In a bid to get rid of anonymous trolls, Australia to come up with new laws

WION Web Team
New Delhi Published: Nov 28, 2021, 09:00 AM(IST)

Australian government has been examining new legislation to tackle the problem of online trolls Photograph:( AFP )

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The Australian government has been examining new legislation to tackle the problem of online trolls

One major disadvantage of social media is that it allows massive trolling based on anonymity, hampering the mental health of many people. However, now many countries are introducing laws that will allow breaking the barrier of anonymity, thus stopping online trolling.

The Australian government has been examining new legislation to tackle the problem of online trolls. Prime Minister Scott Morrison has announced that under the new law, social media giants will be required to provide details of users who post defamatory comments.

"The online world should not be a wild west where bots and bigots and trolls and others are anonymously going around and can harm people," Morrison said at a press briefing.

He added, "That is not what can happen in the real world, and there is no case for it to be able to be happening in the digital world."

Also read | UK's online safety bill: Internet trolls could face two years in prison for psychological harm

'Complaints mechanism,' will be a major highlight of the new legislation. This means if somebody thinks that they have been defamed or bullied on any social media platform, they will be able to require the platform to take the material down.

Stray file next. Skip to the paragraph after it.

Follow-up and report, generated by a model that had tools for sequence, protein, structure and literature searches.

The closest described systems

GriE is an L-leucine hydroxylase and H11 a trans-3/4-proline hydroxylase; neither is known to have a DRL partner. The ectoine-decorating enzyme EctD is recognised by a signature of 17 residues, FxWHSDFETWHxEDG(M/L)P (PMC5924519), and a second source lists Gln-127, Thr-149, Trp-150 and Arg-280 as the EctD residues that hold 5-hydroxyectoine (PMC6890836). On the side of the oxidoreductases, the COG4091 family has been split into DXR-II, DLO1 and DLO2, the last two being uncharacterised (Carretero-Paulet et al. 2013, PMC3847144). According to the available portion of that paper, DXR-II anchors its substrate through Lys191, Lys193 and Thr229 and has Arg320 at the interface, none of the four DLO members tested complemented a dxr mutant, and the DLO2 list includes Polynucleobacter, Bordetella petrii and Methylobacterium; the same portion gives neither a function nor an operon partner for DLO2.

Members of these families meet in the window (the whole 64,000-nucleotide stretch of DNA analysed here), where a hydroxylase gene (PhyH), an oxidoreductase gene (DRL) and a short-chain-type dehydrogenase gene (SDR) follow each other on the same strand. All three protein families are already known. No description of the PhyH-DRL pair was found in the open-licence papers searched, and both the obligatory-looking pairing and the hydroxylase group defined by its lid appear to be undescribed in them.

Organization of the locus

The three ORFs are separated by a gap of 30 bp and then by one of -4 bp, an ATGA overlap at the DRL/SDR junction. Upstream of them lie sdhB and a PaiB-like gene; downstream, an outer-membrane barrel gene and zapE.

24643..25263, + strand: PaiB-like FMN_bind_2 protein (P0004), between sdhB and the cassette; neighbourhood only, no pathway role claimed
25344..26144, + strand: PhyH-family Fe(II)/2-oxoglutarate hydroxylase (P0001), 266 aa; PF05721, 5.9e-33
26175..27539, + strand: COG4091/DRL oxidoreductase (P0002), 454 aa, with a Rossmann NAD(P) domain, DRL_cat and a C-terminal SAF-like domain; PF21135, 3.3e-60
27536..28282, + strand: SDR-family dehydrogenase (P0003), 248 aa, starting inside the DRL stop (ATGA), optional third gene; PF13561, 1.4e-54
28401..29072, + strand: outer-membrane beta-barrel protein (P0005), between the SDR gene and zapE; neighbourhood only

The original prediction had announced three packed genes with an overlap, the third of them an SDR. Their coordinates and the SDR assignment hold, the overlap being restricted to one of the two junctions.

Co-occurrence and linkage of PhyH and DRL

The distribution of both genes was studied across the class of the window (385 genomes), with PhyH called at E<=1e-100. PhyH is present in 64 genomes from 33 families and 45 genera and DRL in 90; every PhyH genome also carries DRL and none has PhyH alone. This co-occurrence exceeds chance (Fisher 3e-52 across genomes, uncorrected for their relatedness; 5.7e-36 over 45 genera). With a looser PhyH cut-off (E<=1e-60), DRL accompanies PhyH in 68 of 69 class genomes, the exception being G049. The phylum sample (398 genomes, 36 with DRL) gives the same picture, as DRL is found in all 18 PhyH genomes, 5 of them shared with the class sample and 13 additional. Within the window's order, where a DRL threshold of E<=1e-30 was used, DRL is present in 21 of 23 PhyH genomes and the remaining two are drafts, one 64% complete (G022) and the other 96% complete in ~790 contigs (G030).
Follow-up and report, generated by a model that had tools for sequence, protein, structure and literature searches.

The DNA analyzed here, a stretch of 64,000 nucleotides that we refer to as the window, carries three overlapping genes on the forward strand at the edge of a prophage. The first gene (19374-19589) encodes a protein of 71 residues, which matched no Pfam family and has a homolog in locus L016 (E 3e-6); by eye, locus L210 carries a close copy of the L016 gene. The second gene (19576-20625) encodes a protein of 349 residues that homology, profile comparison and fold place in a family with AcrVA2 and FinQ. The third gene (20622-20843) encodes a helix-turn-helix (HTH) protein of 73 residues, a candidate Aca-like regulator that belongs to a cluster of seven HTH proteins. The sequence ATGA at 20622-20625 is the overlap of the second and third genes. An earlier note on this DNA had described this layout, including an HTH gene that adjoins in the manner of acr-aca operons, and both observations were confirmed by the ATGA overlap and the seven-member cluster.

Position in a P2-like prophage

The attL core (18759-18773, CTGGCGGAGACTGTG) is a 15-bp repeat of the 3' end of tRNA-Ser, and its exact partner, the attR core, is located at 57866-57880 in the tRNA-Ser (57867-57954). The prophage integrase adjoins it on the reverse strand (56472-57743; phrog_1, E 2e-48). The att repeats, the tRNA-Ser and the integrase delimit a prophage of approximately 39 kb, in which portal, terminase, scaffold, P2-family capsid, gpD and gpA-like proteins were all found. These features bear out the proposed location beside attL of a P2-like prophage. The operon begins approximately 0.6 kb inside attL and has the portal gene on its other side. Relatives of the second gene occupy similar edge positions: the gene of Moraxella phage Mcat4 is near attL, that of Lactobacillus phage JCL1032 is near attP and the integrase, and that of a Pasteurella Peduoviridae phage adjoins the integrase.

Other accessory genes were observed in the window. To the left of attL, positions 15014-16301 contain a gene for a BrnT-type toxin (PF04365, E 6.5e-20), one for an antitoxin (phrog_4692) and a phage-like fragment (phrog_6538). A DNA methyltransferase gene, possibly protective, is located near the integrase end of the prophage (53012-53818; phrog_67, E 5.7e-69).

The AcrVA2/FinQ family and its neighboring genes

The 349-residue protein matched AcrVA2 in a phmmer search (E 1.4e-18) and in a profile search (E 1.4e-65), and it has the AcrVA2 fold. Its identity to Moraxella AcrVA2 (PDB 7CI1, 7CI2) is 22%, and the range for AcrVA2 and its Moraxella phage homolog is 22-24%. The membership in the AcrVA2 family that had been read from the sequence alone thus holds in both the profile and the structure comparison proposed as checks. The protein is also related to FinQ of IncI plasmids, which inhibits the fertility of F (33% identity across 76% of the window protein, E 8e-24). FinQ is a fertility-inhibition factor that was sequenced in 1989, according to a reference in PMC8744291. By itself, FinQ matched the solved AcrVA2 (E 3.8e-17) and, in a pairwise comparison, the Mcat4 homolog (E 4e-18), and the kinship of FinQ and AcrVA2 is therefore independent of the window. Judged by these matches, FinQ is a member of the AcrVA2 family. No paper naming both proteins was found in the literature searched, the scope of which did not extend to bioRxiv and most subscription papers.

Digital platforms, these online companies, must have proper processes to enable the takedown of this content," Morrison said.

"They have created the space and they need to make it safe, and if they won't, we will make them (through) laws such as this."

Social media giants will also be required to set up online customer shopfronts in Australia. This will ensure that they comply with orders as part of the measures.

Meanwhile, earlier this month, the British government examined new legislation to tackle online abuse, as internet "trolls" might face two years in prison for words or material that cause "psychological injury." 

This was a result of high-profile internet abuse cases involving sports journalists and Premier League sportsmen. The Department for Culture, Media and Sports then adopted suggestions from the Law Commission to base offences on "probable psychological injury." 

(With inputs from agencies)

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